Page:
5 of 5 people found the following review helpful
David A. Beamer
- Published on Amazon.com
Format: Audio CD
There are so many recordings of the Late Beethoven quartet set that picking a favorite, I believe, just comes down to personal preferences. For years my favorite had been the Quartetto Italiano, with its warmth and control. Then just recently, I heard the Tokyo Quartet version.
What a difference! More fire and vigor (when required), on the whole, than QI. (Or LaSalle, the other late Beethoven set I have) And there's reverence when required -- a good example of this is the first movement of the Op 132 (A minor), which is frequently played with plenty of Sturm und Drang. The Tokyo version rises above forte in only a few places (like the last few bars), and the rest is *played* relatively calmly, in contrast to the underlying tension of the movement. And the slow movement of the Op 131 (c# minor) is a lovely, long, tranquil afternoon in the park.
But getting back to the fiery part, there is plenty to mention. I'll limit myself to two of the highlights. One is the first section of the massive Grosse Fuge movement. Once they get past the intro, and get to the fugue subject, they turn the intensity to HIGH and leave it there for a full five minutes. You can almost hear the resin flying off of the bows as they dig into each note of the subject. And once all the fugue voices have entered, they maintain that intensity all the way to the contrasting calm F-sharp section. Think of trying to pound on a large nail, with a large hammer, for a full five minutes. Plenty of strength, both physical and mental, is required, and the Tokyo group pulls it off.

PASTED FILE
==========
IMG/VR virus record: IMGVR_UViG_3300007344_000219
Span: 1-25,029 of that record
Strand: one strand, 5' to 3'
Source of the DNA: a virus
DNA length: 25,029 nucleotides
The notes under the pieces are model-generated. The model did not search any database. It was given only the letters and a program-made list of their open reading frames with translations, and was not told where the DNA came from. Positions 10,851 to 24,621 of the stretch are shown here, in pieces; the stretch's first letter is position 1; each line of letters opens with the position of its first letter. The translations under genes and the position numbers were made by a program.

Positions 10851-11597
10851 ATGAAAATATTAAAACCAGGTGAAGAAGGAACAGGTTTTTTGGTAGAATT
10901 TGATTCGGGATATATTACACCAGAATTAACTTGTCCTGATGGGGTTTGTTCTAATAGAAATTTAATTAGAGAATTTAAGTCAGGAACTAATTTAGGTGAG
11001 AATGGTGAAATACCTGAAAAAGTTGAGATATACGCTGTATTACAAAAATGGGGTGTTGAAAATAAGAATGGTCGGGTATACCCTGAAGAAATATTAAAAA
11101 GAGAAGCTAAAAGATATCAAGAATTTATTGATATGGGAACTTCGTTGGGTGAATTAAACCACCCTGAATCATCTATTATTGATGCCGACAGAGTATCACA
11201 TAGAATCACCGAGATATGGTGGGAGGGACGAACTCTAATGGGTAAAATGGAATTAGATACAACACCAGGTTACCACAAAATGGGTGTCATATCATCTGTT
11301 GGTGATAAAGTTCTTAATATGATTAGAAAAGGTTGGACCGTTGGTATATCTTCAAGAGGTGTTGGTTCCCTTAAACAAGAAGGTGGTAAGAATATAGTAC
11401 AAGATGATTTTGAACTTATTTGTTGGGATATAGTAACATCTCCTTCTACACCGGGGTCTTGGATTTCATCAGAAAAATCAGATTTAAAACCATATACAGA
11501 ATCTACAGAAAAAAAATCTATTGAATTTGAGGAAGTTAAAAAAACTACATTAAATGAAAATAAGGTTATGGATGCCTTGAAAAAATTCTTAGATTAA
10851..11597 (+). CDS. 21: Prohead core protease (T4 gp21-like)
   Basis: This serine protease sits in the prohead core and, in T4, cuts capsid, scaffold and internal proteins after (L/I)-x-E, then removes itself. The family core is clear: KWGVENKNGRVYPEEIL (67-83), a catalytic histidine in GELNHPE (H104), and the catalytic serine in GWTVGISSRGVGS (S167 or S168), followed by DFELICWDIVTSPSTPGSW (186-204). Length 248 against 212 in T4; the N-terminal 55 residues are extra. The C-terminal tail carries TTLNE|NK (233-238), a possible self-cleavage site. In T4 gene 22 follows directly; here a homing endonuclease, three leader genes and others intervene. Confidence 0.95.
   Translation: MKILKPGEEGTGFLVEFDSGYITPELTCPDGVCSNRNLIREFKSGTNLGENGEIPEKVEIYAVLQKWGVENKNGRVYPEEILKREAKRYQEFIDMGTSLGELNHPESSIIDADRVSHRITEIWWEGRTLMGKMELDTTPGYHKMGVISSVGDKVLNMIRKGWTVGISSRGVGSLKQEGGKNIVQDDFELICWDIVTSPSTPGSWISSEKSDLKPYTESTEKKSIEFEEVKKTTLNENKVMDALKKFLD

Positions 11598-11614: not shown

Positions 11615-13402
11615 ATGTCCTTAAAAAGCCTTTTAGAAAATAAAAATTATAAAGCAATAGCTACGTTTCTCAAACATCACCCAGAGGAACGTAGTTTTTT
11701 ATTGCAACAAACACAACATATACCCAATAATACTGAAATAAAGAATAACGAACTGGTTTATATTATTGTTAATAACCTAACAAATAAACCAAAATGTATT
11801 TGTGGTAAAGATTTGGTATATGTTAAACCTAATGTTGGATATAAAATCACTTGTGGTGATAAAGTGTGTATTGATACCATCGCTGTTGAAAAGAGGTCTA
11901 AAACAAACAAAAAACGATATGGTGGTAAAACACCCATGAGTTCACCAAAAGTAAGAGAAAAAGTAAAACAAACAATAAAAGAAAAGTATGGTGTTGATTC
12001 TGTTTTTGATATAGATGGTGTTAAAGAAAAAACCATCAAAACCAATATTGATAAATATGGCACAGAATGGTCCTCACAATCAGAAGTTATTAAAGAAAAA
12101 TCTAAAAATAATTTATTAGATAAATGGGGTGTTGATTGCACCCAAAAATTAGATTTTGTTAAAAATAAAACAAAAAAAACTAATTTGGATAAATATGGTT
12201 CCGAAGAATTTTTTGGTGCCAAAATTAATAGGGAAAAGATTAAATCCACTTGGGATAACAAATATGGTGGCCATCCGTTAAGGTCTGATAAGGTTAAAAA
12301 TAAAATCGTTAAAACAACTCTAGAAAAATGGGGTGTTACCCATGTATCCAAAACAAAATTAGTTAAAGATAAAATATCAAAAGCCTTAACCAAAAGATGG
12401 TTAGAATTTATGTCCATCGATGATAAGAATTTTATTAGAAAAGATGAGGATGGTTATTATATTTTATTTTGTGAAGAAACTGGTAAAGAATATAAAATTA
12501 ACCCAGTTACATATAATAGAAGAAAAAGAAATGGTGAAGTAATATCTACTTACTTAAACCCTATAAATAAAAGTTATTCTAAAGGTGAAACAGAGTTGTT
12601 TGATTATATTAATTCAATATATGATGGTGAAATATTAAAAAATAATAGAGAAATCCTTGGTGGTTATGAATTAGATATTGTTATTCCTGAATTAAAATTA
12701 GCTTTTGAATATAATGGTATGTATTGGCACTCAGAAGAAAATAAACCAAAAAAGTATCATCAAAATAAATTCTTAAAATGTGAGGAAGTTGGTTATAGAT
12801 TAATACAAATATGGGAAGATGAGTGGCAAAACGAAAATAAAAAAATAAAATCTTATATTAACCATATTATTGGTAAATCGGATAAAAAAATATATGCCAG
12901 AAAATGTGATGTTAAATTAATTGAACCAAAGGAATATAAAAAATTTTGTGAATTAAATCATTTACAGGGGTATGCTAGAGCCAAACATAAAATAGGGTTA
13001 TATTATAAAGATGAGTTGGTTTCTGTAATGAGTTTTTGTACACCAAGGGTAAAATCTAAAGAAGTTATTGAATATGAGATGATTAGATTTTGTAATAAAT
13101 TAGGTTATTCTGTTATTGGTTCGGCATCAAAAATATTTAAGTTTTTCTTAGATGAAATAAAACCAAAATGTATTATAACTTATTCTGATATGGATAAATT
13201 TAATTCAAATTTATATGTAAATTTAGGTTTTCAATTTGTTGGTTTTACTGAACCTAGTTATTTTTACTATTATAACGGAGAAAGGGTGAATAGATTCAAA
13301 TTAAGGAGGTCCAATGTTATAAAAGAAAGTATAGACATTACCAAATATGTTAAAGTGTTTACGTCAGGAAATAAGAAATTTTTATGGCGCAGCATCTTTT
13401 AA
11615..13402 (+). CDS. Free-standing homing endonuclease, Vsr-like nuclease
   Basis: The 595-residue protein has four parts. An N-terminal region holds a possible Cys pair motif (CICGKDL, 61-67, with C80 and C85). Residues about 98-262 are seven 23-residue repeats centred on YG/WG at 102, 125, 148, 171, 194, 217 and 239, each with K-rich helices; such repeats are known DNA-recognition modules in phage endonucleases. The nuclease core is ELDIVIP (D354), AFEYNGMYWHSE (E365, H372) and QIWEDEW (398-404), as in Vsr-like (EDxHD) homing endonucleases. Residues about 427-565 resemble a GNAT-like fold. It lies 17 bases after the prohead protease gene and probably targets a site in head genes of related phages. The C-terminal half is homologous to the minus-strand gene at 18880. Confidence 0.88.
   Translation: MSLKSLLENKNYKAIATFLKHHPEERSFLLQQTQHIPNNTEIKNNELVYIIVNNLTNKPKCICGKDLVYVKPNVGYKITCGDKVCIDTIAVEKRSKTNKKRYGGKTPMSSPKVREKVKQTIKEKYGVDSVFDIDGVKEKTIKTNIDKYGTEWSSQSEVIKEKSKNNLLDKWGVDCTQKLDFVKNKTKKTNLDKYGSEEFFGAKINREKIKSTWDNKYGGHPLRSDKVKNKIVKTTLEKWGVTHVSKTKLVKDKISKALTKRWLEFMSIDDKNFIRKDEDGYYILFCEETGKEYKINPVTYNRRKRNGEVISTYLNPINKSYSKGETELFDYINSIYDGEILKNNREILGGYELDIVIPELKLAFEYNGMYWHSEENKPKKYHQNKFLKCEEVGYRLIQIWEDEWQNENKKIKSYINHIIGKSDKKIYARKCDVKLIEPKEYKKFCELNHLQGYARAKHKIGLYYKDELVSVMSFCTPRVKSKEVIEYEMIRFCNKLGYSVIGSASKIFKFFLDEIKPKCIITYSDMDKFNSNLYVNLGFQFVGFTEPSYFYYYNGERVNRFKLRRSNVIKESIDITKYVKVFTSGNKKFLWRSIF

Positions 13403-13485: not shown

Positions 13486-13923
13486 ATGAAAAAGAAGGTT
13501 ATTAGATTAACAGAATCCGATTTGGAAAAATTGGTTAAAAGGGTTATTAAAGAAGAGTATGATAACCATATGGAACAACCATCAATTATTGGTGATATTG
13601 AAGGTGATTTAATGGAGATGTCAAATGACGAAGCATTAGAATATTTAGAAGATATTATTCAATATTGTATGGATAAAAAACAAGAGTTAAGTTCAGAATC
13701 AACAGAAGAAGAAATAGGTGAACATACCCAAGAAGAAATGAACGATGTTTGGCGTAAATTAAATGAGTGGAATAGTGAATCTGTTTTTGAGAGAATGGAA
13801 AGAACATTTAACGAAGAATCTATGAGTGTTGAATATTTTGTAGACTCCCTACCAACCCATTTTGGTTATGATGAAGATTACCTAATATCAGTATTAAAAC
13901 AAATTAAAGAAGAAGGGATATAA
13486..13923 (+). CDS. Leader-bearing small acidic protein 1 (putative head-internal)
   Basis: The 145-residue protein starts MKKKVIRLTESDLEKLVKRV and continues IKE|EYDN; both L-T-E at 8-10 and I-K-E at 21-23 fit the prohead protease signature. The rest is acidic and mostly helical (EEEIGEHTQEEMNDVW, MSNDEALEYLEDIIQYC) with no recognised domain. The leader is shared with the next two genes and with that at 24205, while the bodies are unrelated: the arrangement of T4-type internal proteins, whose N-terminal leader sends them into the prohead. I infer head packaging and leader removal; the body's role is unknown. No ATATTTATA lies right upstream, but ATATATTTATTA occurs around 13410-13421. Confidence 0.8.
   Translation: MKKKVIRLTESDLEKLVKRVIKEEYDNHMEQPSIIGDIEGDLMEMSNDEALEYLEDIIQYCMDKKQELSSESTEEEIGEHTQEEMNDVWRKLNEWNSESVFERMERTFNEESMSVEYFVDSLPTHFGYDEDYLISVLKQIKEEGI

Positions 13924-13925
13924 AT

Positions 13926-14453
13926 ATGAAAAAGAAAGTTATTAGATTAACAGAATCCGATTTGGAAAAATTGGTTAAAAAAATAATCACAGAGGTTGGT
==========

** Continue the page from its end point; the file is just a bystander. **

I also want to comment on one movement in the rendition of Op 131 that is extremely special, namely the Presto (it's the fifth section, and takes the place of a Scherzo). It is played at a VERY fast tempo, and alternates between an almost-out-of-control fortissimo, and a pianissimo with immense underlying energy.
Right near the end of the movement they achieve a tone I have never heard on ANY recording of any chamber music. I have not seen the score of the quartets, so I do not know whether Beethoven asked for a "sur ponticello" (playing with the bow near the bridge) in the pianissimo passage just before the end of the section. Some quartets merely play the passage pianissimo, some venture their bowings down toward the bridge to give a little bit of an edge. The Tokyo Quartet, however, REALLY pushes the envelope! They play that passage so close to the bridge that it takes on an ethereal, other-wordly air. For that short passage, the instruments simply do not sound like a string quartet. It is impossible to adequately describe in words -- you have to hear it. If you don't get goosebumps, pinch yourself -- you're not really listening. I would buy (actually, have already bought) this box set just for that 15 seconds of unbelievable transcendence.
On the whole, the slow movements are played with a calm, understaded reverence -- and frequently, very little vibrato (e.g. Op. 132). The faster movements are played with a controlled fire, settling down at times to achieve the requisite tension that builds up to the next forte section; at other times bursting into flames.
One last note: I think the "star" of the group (or at least this recording), is Harada, the cellist. He plays with a big, open tone, providing a little more support to the group than the average cellist. But he also knows when to back off and become a perfectly matched equal to the other three.